by Marilyn Lester
America’s own music, jazz, receives a swinging tribute every July at the 92nd St. Y, thanks to the keen artistic direction of pianist Bill Charlap. Charlap is an educator and brilliant musician as well as an affable host. In the second week of the six-day festival, the spotlight was on a style of jazz, a giant of jazz composition and masters of the American Songbook, not usually thought of as jazz composers.
Kings of Stride: Eubie, Fats and the Lion
Bill Charlap, piano / Rossano Sportiello, piano / Ted Rosenthal, piano / Anat Cohen, clarinet / David Wong, bass / Aaron Kimmel, drums
At the birth of jazz, stride piano became the rage in the 1920s and 30s as an outgrowth of ragtime. Stride is highly rhythmic, with both left and right hands executing complicated chords – so the test for a competent stride pianist was the flawless rapidity of play. Charlap’s solo on Eubie Blake’s classic “Charleston Rag” certified his mastery of the form. Sportiello, playing Fats Waller’s “Handful of Keys” and “Viper’s Drag” demonstrated his stride chops with almost superhuman speed as his hands flew along the keys. Willie the Lion Smith was represented with “Morning Air” played by Charlap at a slow, syncopated pace. Syncopation was also featured in a Scott Joplin ragtime classic, “Maple Leaf Rag” played by Ted Rosenthal. The father of stride piano, James P. Johnson, took the penultimate spot on the bill with a rousing “Charleston” played by Charlap and Sportiello with playful verve.
Clarinetist Anat Cohen was the featured artist on Waller’s “Honeysuckle Rose,” “Crazy ‘Bout My Baby” and “Jitterbug Waltz” as well as Blake’s “Memories of You” and the Lion’s “Echo of Spring.” Cohen is an exceptionally gifted player. She’s able to effortlessly produce earthy, mellow sounds, very reminiscent of the soulfulness and style of the great alto sax player Johnny Hodges. Cohen is young, which means many years ahead to experience her amazing musicianship and observe her growth.
Take the A Train: Billy Strayhorn at 100
Bill Charlap, piano / Renee Rosnes, piano / Carol Sloane, vocals / Jeremy Pelt, trumpet / Steve Wilson, alto sax / Jimmy Greene, tenor sax / Peter Washington, bass / Kenny Washington, drums
Billy Strayhorn, the genius pianist-composer who made a name for himself pairing with Duke Ellington, as well as composing masterpieces in his own right, turned 100 on November 29, 2015. When he died of esophageal cancer in 1967 he hadn’t yet turned 62, but was composing from his hospital bed till the very end. “Raincheck,” with Charlap at the piano and “U.M.M.G.,” with Rosnes at the keys, were two of Strayhorn’s very last works. Strayhorn had a great ear for Ellington’s style and was able to work with the Maestro on an array of pieces that have become jazz classics, such as “Isfahan” and “Tonk,” played by Charlap and Rosnes on dual pianos. The pair also played “Lotus Blossom” which typified the ethereal, meditative style of much of Strayhorn’s solo composing. Wisely, “Lush Life,” a difficult song to master, which Strayhorn composed at age 17, was performed as an instrumental, with Charlap presiding.
Seasoned jazz singer, Carol Sloane, was on hand for several fine vocal interpretations of the canon. Sloane’s command of jazz is legendary; any singer who can master vocalese, as she can, has something going for her. In “Satin Doll,” “Day Dream” and “Something to Live For” Sloane took the pace slowly. She delivered “Just A-Sittin’ and A-Rockin’” with more energy, but it was apparent that while the brilliant phrasing and warm, mellow voice is still entrancing and pure, the power behind it has diminished. The rousing conclusion to the concert was the iconic Ellington Orchestra theme song, penned by Strayhorn, “Take the A Train,” with all musicians participating, and with Sloane singing the 1943 version of the lyrics by Joya Sherrill.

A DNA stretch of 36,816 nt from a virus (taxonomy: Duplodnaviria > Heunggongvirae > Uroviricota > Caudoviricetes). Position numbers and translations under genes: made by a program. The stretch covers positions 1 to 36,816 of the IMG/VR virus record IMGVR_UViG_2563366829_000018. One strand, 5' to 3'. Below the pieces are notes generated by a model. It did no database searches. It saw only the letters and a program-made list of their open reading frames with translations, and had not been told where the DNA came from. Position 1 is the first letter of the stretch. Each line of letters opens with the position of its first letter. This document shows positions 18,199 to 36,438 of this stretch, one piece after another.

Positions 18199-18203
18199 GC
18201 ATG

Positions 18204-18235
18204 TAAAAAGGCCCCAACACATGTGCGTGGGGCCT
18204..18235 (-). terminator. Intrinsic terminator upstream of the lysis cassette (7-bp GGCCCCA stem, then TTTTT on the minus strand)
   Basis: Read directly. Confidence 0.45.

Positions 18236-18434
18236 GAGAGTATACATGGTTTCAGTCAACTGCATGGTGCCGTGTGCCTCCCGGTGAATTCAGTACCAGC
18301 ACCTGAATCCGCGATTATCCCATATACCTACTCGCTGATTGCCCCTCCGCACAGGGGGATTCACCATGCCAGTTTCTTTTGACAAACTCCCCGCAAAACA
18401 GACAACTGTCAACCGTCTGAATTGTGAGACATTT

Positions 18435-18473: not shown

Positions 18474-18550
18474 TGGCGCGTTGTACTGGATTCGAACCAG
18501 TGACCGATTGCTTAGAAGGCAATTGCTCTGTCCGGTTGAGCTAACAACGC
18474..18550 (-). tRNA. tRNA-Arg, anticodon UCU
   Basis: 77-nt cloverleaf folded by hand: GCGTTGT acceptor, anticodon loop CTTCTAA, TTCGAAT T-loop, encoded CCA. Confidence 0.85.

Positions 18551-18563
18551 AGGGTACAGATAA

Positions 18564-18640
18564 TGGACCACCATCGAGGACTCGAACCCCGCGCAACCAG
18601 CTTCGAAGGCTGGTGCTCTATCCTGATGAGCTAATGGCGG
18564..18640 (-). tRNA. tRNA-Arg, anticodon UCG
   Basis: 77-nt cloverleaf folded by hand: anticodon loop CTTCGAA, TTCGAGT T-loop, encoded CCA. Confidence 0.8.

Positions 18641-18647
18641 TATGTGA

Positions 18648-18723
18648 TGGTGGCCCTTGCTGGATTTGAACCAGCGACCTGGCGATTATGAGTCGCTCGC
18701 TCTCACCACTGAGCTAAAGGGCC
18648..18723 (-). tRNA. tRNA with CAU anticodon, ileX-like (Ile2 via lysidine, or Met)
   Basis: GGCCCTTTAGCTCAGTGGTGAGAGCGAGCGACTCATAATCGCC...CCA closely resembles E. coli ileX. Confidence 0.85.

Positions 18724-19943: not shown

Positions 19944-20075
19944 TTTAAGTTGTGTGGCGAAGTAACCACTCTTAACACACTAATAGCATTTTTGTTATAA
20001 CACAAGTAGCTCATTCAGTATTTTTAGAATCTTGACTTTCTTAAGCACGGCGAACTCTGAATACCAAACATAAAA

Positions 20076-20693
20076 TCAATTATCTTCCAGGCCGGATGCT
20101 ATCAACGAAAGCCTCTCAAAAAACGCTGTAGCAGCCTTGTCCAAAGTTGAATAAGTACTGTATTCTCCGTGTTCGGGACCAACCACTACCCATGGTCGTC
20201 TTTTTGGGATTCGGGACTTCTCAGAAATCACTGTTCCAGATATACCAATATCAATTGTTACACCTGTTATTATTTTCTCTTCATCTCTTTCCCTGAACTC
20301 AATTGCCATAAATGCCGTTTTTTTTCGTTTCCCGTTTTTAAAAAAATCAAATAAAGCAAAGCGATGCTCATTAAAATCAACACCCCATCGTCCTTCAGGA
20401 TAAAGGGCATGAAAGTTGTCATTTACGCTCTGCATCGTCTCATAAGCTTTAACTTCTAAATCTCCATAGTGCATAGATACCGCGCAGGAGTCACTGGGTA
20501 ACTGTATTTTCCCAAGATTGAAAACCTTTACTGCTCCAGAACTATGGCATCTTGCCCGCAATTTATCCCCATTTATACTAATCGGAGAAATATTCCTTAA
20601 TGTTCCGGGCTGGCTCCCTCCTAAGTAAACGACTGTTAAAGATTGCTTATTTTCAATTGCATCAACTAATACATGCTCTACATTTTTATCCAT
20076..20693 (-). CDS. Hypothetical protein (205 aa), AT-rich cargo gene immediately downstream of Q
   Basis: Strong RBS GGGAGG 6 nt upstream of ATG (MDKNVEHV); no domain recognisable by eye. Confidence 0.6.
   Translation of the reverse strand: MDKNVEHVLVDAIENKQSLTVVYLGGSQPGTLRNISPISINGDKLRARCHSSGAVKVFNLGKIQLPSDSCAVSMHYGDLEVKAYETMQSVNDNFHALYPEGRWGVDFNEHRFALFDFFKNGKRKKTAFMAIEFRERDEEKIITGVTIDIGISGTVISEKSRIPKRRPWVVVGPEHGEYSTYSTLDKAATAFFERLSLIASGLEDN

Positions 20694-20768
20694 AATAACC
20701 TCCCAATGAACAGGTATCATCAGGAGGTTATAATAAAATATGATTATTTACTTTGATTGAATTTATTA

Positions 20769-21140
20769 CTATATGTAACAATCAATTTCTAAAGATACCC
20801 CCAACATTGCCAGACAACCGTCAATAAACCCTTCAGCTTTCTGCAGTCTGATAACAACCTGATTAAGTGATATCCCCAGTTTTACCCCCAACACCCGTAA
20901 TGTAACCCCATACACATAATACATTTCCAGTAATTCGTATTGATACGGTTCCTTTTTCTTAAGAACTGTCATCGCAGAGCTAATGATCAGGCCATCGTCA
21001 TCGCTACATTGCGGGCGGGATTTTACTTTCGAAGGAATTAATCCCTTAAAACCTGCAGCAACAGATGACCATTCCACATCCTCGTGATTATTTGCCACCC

American Rhapsody: Gershwin, Arlen and the Blues
Bill Charlap, piano / Dick Hyman*, piano / Randy Sandke, trumpet / Ken Peplowski, clarinet & tenor sax / Jon Gordon, alto sax / Michael Dease, trombone / Peter Washington, bass / Willie Jones III, drums
The blues is at the center of all jazz, and it’s certainly at the center of George Gershwin’s work, declared Bill Charlap, who proceeded to prove his point. Charlap played a spirited “Nice Work if You Can Get It,” with six instrumental virtuosos. Each, a master of his instrument, was given a featured turn in the program, the highlight of which was trombonist Dease playing Arlen’s “Come Rain or Come Shine” with piano legend Dick Hyman. Hyman, who originated the Jazz in July series, demonstrated his awesome virtuosity, playing dual pianos with Charlap on Gershwin’s “Prelude #2.” The full complement of musicians performed lively versions of Gershwin’s “Somebody Loves Me” and “A Foggy Day” (with Charlap at the piano), Arlen’s “A Woman’s Prerogative” (with Hyman at the keys), and Gershwin’s “S’wonderful” with both piano masters at work.
The finale could be none other than Gershwin’s “Rhapsody in Blue,” arranged by Hyman. The Rhapsody, orchestrated and arranged for these stellar instrumentalists, with pianos in the foreground, was an imaginative and foot-tapping version, capping off not only a superlative concert, but a successful, triumphant two weeks of traditional jazz at its very best. The varied programming, with Charlap at the center of it, not only provided top-notch entertainment, but continues to be indispensable in keeping the music of America alive and thriving.
Jazz in July, July 21, 22 and 23 and July 26, 27 and 28 at 8 pm
92nd St. Y, xxx Lexington Ave., 212-415-5500, www.92y.org